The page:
So this donation came in late last week, a generous gift from NIU alumnus Gregg Taylor.
It is a group of single issues from The Spectator (1712). Notice anything different about it?
That shiny thing next to the group of issues is a CD, containing TIFFs of the issues in question.
Gregg’s generous donation came with a condition: we had to commit to not only holding and making publicly available the original copies of The Spectator, but also the TIFFs need to be made available for public use (as scans of public domain titles) in our digital collections as well.
Now, our digital collections, such as they are, are going through a major overhaul and re-build with a more robust management system, so it will be a little bit of time before we can come through on all of Gregg’s request, but come through we shall.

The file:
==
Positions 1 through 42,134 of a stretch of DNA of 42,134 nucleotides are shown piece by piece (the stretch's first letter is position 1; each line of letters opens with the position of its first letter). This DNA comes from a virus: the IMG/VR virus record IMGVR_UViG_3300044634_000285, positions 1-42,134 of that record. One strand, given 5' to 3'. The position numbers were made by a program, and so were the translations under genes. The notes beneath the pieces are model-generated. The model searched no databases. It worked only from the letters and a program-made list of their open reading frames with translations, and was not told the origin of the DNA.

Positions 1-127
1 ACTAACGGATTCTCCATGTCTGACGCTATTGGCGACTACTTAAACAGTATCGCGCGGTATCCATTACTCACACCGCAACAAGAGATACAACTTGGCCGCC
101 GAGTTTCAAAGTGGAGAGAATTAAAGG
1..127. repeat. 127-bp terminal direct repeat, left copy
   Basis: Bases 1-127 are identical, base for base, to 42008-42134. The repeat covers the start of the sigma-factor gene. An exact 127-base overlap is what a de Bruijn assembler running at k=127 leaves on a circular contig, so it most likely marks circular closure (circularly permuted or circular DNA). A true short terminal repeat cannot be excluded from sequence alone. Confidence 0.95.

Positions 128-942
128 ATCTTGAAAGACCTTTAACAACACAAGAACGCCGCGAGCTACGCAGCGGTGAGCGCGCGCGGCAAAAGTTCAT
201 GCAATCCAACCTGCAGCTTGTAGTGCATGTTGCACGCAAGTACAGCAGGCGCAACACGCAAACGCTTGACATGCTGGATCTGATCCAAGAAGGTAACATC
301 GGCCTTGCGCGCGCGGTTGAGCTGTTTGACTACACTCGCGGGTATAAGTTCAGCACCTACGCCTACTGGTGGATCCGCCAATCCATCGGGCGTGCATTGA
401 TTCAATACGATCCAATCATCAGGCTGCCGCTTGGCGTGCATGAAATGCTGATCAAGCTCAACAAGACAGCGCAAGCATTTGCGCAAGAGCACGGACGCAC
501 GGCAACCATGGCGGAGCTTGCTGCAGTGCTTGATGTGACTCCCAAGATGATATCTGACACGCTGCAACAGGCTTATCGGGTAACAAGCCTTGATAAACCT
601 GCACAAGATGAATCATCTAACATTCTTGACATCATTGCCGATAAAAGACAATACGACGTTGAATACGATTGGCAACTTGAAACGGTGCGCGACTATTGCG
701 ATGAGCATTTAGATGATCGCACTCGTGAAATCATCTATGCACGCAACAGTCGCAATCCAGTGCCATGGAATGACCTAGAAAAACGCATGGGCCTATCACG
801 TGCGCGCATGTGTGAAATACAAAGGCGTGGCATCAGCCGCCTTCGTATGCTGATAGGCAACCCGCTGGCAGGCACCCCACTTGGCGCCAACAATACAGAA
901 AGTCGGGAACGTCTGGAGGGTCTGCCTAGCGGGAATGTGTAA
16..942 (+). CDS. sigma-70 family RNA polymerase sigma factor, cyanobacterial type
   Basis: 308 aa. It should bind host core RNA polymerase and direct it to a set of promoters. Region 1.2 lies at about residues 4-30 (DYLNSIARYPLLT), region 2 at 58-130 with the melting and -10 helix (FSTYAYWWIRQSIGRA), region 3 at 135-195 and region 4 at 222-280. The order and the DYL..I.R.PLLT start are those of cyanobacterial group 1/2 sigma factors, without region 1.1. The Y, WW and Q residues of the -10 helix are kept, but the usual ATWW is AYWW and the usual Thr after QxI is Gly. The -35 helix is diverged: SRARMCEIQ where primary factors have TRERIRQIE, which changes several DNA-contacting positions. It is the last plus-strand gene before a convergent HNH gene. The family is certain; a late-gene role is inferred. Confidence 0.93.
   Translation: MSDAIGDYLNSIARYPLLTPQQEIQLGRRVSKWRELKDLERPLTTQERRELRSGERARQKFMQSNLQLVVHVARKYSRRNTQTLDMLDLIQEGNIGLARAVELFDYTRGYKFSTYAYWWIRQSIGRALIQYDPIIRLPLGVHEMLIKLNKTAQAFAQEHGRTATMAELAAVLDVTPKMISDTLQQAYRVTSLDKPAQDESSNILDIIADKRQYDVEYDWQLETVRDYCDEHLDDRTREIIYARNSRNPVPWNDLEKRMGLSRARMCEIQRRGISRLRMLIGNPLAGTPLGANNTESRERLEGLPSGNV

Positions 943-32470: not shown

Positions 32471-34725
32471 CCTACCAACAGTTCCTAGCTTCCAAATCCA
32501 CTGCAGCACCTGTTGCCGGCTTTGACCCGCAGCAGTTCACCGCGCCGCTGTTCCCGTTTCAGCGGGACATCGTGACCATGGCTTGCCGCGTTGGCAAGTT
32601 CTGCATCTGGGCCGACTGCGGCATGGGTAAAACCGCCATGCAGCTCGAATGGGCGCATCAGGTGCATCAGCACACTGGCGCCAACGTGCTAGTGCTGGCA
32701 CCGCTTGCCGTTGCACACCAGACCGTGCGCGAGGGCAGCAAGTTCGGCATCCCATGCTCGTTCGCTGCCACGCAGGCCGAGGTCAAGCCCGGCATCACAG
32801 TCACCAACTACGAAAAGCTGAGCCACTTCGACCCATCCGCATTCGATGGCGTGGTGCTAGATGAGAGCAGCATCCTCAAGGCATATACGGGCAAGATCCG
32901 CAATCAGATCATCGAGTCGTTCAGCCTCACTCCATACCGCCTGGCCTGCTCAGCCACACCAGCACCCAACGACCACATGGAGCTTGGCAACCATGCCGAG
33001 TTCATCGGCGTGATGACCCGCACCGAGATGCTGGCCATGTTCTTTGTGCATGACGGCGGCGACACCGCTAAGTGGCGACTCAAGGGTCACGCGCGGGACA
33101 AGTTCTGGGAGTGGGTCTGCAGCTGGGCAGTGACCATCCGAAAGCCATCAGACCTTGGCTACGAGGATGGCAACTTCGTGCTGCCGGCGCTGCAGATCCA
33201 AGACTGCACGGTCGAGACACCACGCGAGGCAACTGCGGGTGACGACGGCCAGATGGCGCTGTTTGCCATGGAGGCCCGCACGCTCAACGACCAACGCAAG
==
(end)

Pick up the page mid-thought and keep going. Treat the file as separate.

Our perceptions and practices of adhering to copyright law have now reached the point where a donor felt the need to specify that he wanted these public domain materials in the public domain, out of concern that we might not default to public domain. This is also the first time that a donor has provided high-resolution scans along with the items being donated, as part of facilitating greater access to them.
This is the world we live in now. We don’t assume public domain for materials that are hundreds of years old and clearly in the public domain, because so many of them have been monetized in some manner, often to the detriment of less-well-resourced institutions. *cough* EEBO *cough*
I find this very interesting. Don’t you?
Tell me about it in the comments.